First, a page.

Johnson & Johnson one-dose COVID-19 shot offers strong protection, fuels concern about variants
A single-dose vaccine is a big advantage when most countries are struggling to get shots in arms more quickly.
Johnson & Johnson, the only major drugmaker developing a single-dose vaccine for COVID, announced Friday that its shot provided strong protection against COVID-19 , potentially offering another powerful tool in a desperate race against a worldwide rise in virus mutations. But the results came with a significant cautionary note: The vaccine’s efficacy rate dropped from 72% in the United States to 57% in South Africa, where a highly contagious variant is driving most cases.
Studies suggest that this variant also blunts the effectiveness of COVID vaccines made by Pfizer-BioNTech, Moderna and Novavax. The variant has spread to at least 31 countries, including the United States, where two cases were documented this week.
With these results, Johnson & Johnson became the fifth company supported by the US government to develop an effective COVID vaccine in less than a year, and the only one that doesn’t need two doses — a big advantage when most countries are struggling to get shots in arms more quickly.
The Johnson & Johnson vaccine was extremely effective in preventing severe cases of COVID — including serious illness caused by the variant, the company said. Though less effective than the Moderna and Pfizer vaccines now authorized in the United States, Johnson & Johnson’s is still considered a strong vaccine by scientists. Annual flu vaccines, for example, are typically 40% to 60% effective.
“This is a really great result,” said Akiko Iwasaki, immunologist at Yale University. “I hope this vaccine gets approved as soon as possible to reduce disease burden around the world.”
Johnson & Johnson said that it planned to apply for emergency authorization of the vaccine from the Food and Drug Administration as soon as next week, putting it on track to receive clearance later in February.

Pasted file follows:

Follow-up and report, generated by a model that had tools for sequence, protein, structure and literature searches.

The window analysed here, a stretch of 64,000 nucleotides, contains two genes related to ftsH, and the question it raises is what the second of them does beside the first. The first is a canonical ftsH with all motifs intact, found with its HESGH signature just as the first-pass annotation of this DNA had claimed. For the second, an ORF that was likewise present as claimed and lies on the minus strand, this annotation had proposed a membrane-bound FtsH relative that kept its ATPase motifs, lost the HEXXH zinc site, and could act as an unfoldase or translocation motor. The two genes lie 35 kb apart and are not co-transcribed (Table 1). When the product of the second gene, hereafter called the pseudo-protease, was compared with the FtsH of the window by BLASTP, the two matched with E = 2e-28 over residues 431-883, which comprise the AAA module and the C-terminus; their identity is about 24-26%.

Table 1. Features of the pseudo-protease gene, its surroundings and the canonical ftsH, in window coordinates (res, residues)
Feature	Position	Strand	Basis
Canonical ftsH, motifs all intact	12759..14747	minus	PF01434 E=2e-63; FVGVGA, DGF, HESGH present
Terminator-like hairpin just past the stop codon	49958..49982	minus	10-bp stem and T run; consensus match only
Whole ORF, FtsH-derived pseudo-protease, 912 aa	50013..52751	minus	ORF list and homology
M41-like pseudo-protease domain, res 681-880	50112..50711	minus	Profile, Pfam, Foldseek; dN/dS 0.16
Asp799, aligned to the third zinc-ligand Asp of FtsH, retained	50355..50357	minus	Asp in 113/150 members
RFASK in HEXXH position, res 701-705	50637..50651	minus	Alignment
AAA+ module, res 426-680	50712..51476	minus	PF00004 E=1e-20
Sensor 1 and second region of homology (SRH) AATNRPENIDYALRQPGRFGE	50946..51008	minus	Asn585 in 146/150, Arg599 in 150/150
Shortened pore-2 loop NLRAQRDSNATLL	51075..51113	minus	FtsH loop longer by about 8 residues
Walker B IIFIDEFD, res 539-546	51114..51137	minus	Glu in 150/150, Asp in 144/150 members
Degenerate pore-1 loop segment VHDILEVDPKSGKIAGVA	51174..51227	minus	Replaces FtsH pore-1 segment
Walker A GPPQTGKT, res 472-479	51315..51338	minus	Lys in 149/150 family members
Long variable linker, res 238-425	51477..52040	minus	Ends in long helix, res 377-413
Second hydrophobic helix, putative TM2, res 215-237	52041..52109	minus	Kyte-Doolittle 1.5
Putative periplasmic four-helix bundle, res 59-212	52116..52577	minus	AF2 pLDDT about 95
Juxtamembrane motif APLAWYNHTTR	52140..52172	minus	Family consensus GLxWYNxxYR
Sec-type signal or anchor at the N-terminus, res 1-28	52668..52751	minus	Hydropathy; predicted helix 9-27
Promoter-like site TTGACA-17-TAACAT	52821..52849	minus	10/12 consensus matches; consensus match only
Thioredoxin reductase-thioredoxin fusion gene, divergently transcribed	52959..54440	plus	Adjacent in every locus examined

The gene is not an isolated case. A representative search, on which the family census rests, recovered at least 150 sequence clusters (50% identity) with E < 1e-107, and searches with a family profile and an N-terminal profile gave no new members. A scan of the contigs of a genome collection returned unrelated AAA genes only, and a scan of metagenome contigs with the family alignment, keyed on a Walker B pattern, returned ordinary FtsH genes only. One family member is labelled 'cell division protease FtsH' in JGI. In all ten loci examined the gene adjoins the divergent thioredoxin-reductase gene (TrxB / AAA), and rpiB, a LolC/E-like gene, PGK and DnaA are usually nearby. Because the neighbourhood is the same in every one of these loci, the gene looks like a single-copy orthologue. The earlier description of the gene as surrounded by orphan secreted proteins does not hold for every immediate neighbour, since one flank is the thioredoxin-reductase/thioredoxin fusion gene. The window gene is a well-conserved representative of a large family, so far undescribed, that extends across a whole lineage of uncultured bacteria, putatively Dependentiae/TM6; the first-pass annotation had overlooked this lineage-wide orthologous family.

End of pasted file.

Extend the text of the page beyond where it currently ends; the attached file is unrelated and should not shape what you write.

“This is the pandemic vaccine that can make a difference with a single dose,” said Dr. Paul Stoffels, the chief scientific officer of Johnson & Johnson.
The company’s announcement comes as the Biden administration is pushing to immunize Americans faster even with a tight vaccine supply. White House officials have been counting on Johnson & Johnson’s vaccine to ease the shortfall. But the company may only have about 7 million doses ready when the FDA decides whether to authorize it, according to federal health officials familiar with its production, and about 30 million doses by early April.
The variant from South Africa, known as B.1.351, could make things even worse for the vaccine push. Given the speed at which the variant swept through that country, it is conceivable that by April it could make up a large fraction of infections in the United States.
The fact that at least four vaccines backed by the federal government seem to be less effective against the B.1.351 variant has unsettled federal officials and vaccine experts alike. Facing this uncertainty, many researchers said it was imperative to get as many people vaccinated as possible — quickly. Lowering the rate of infection could thwart the contagious variants while they are still rare, and prevent other viruses from gaining new mutations that could cause more trouble.